Dear America, You’re starting to scare me a little.

My good friend Stephen Ludwig posted a link to a New York Times article today titled “Hey, Political Zealots, Listen Carefully to a Conversation From 1963.” The article recounts a discussion between JFK, the Republican Senate Minority Leader, and the Democrat Senate Majority Leader where the two senators — primarily the republican — carefully counsel the president on how to get congress to ratify the Nuclear Test Ban Treaty and mollify and unite the membership and leadership of both parties. The article highlights how politics of old, which with a few glaring exceptions was generally about the good of the country, has given way to the hardline politics of now, which can be summed up by this one quote from the article, “… compromise would be seen as treason. For the moment, party power — even to do nothing — is more important than the national interest.”

That last line got me thinking. This is not a time when doing nothing is an option. I will admit I have never really understood partisan politics because they are based on the simple assumption that “I am right and you are stupid,” without taking the time to really understand the other person’s point of view. It seems we all took debate in school (or at least the kindergarten version practiced by radio and TV talk shows where you hurl insults at your opponent and run away) when we probably would have been better served with a class on understanding and negotiation.

If ever there has been a time to take responsibility for your future and educate yourselves on the issues, this is it. The Tea Party is blaming Obama for things that Bush did (hint: if Obama wasn’t in office when the legislation was signed, he didn’t do it); Congress is too busy playing extreme politics to get anything done besides successfully blaming the other party and profiteering; Karl Rove directed political attack ads (one blaming a Democrat senator for deficit spending when he was voting on increased spending for the troops in Iraq and Afghanistan — wars that Rove started) are doing their best to generate fear for the sole purpose of lining the pockets of the few that control Washington; the religious right is busy converting America into a theocracy and the entire government, right down to Barney Fife, is spending insane amounts of money on failed and misguided programs to erode our rights and freedoms under the veil of “safety.” Of course companies aren’t going to do anything about it because it all goes to increase their profits.

But we, as a society, have become too lazy to think for ourselves. Terrestrial and satellite radio, FOX, CNN, MSNBC have a cadre of people telling us what to think around the clock. The Internet has brought information to our fingertips, but instead of using it to learn about the issues we use it to learn what our favorite pundits and pastors are telling us to think and then turn around and spread their crap to our e-mail lists and anywhere else we can. When one is exposed as a fraud, all their followers exclaim “we didn’t know.” Sorry, not an excuse. You chose not to know. You chose not to think.

Now before you label me as a hater, let me fully disclose two things. First, I think the Tea Party is somewhere south of stupid. All they do is point fingers, rally behind half truths or complete falsehoods, and have a rather misguided view of our country and how we got here. Secondly, I kind of like them — in a repulsed, horrified way — but I kind of like them. Ignoring for a moment that Sarah Palin is their god (I shudder at that thought), it is a group of people standing up and crying foul. I would like them a lot more if they were less extreme, but whenever someone stands up and cries foul, it brings issues to the surface that someone else was hoping to keep buried. The problem with the Tea Party is they are not asking questions, they are shouting answers. “Stop spending NOW!” is very different from asking “how did we get here, what can we do about it and where are we going?”.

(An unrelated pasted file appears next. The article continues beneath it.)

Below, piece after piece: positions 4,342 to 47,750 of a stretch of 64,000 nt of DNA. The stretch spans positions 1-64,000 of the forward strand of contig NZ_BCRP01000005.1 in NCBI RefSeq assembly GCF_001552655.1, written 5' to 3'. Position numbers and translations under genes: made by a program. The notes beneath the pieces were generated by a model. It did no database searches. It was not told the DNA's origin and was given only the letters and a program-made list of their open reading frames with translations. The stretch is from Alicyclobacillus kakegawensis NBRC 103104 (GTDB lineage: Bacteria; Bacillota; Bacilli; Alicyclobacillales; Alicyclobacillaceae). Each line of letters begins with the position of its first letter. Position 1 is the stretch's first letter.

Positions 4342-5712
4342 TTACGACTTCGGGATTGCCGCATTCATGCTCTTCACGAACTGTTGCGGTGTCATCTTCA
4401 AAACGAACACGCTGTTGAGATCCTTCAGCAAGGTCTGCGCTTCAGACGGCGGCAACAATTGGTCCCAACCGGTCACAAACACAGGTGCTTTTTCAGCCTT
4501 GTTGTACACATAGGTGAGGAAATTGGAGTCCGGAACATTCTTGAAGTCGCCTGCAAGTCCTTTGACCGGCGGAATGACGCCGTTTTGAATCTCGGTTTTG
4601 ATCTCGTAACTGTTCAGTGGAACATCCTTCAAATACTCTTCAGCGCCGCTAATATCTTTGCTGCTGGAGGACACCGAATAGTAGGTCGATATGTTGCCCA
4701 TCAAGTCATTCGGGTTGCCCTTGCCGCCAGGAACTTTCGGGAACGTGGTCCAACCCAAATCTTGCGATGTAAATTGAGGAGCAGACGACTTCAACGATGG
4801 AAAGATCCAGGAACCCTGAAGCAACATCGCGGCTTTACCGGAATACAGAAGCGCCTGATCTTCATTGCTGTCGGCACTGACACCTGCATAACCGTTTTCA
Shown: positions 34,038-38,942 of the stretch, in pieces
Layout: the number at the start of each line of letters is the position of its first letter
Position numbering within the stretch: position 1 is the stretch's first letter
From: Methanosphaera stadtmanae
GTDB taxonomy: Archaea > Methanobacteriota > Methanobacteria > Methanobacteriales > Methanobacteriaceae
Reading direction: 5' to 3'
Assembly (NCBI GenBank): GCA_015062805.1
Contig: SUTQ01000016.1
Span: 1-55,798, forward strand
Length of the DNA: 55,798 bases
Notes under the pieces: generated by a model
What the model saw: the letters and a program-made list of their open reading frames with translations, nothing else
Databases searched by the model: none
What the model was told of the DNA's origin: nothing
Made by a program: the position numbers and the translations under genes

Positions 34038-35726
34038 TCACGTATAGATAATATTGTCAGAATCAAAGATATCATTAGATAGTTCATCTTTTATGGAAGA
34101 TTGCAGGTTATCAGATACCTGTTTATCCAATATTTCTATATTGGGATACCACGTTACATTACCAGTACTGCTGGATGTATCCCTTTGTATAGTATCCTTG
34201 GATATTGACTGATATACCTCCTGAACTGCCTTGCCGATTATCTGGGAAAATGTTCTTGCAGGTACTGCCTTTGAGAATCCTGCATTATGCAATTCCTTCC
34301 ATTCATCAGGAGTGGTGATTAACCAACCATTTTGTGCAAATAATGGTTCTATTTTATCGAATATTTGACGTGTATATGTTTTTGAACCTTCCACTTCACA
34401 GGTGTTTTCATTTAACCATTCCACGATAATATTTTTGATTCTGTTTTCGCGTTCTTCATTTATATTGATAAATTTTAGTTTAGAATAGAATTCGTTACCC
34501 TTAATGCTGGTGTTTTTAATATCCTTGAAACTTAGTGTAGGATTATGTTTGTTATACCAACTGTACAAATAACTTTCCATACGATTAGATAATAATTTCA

Why do I point to them and single them out? Precisely because they are shouting answers. Not just answers, but overly simplistic answers to complex questions that most of them couldn’t even fathom. It is always easier to regurgitate the answers you were given then to think through the questions in all their myriad complexities yourself. Thinking, true informed independent thought, leads to discussion and compromise. What we have instead is dumb, ill-informed gesturing and finger pointing to support some extreme political belief. Why? Because it is easy and it makes it easy to be right.

“We didn’t know”, said the congregation, signing a hymn in their church of Whites
“Press was full of lies about us, preacher told us we were right.”
“The outside agitators came, they burned some churches and put the blame
“On decent southern people’s names to set our Colored people aflame”
“And maybe some of our boys got hot and a couple of Negroes and Reds got shot”
“They should have stayed where they belonged!”
“The preacher would have told us if we’d done wrong.”

“We didn’t know”, said the puzzled voter, watching the President on TV.
“I guess we’ve got to drop those bombs if we’re going to keep South Asia free.”
“The President’s such a peaceful man, I guess he’s got some kind of plan.”
“They say we’re torturing prisoners of war, but I don’t believe that stuff no more”
“Torturing prisoners is a Communist game, and you can bet they’re doing the same!”
“I wish this war was over and through, but what do you expect me to do?

We didn’t know at all, we didn’t see a thing.
You can’t hold us to blame, what could we do?
It was a terrible shame, but we can’t bear the blame.
Oh, No, not us! We didn’t know.

– Tom Paxton

… to be continued

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